Yet the director’s penchant for heavy satire of humanity at its worst—in particular, people’s indifference to the suffering of others—has always coexisted with a more tolerant and even affectionate view of petty foibles and self-delusions. About Endlessness is especially beguiling because many of its scenes have no obvious message or punchline, but simply offer glances at everyday life. A woman and her date sit silently in a mirrored bar, Billie Holiday’s recording of “All of Me” playing softly in the background, and he pours her a glass of champagne—which, the narrator tells us, she “really, really likes.” She drinks the champagne; that is all. A father stops in the middle of a playing field in the pouring rain to tie his young daughter’s shoe as she stands holding an umbrella and a bunch of flowers. Then he picks up his own umbrella and they walk away. A woman gets off a train. All the other passengers exit the platform until she is left alone, and the train—a delicate robin’s-egg blue—pulls away to reveal a dreary, wintry, semi-industrial landscape across the tracks. She sits on a bench in the pallid near-dusk, and the feeling of loneliness is crushing. Then a rather overweight man runs panting up the stairs to greet her, and they leave together—a kind of Hollywood romantic climax cut down to the scale of real life.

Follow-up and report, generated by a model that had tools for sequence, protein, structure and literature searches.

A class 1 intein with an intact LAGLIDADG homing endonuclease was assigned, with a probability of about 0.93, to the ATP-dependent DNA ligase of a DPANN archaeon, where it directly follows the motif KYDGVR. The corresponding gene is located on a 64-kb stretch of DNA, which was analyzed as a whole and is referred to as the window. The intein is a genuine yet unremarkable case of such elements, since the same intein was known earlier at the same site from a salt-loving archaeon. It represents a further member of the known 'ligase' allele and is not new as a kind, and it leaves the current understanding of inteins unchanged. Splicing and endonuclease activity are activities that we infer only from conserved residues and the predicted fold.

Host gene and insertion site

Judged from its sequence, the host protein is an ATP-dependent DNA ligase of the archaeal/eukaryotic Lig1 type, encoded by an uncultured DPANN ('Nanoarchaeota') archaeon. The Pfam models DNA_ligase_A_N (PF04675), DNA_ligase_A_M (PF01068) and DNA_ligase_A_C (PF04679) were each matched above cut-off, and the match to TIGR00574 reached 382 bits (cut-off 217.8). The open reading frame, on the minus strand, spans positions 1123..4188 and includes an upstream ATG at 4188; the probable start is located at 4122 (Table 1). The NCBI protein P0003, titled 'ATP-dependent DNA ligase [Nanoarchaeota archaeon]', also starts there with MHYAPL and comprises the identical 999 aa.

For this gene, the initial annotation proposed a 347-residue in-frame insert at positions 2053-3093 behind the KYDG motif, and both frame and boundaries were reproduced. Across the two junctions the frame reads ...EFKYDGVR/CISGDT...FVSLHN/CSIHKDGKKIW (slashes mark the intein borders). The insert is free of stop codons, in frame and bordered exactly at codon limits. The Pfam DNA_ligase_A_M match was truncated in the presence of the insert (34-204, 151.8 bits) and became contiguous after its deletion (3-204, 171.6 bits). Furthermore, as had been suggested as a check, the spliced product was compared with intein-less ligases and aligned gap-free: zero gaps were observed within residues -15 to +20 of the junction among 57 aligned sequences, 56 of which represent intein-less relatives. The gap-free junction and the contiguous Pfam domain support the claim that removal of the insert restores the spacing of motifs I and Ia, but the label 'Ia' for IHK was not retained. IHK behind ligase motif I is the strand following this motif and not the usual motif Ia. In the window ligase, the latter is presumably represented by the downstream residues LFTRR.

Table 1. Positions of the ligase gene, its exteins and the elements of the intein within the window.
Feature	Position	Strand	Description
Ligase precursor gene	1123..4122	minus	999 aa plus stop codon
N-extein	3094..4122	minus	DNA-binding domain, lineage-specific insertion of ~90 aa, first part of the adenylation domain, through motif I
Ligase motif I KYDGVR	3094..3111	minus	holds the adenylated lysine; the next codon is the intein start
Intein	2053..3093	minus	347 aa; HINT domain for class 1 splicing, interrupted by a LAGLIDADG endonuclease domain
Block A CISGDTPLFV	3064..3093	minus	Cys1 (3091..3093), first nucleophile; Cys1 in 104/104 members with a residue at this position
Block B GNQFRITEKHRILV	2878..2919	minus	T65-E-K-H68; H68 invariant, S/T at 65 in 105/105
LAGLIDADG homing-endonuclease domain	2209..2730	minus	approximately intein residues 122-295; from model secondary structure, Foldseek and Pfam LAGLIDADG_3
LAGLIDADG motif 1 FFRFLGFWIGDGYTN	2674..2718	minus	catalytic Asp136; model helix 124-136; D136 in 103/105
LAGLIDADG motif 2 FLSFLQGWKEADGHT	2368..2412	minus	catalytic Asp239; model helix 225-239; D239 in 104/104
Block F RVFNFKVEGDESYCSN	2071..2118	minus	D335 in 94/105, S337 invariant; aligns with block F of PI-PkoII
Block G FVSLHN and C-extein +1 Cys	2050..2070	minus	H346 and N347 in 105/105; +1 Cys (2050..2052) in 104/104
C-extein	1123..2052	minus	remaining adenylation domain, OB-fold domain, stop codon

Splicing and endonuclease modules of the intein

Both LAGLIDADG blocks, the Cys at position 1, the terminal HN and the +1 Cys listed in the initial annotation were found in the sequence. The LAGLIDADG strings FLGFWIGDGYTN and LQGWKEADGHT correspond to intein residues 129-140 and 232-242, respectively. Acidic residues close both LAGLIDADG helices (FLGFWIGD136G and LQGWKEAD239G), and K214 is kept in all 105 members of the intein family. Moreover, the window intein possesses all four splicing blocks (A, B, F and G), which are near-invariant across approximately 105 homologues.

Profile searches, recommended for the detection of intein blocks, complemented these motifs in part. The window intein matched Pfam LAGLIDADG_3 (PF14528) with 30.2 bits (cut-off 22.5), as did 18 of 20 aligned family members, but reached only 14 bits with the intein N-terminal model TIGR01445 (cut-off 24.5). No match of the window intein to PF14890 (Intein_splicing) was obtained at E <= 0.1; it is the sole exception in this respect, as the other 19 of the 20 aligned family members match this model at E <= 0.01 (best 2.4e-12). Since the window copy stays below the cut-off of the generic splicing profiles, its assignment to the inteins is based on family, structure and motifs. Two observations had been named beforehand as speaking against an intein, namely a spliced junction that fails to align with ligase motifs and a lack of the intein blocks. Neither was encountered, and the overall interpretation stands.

To the priest who keeps agonizing over what to do now that he has lost his faith, the psychiatrist gives a simple answer: “Maybe be content with being alive.” Another man goes even further, demanding of the dour customers in a bar during a snowstorm, “Isn’t it all fantastic?” They don’t agree, exactly, but they don’t disagree; they just stand around silently, alone together, watching the snow fall. Andersson’s films, like life, are full of unanswered questions.
Imogen Sara Smith is the author of In Lonely Places: Film Noir Beyond the City and Buster Keaton: The Persistence of Comedy, and has written for The Criterion Collection and elsewhere. She writes our Phantom Light column.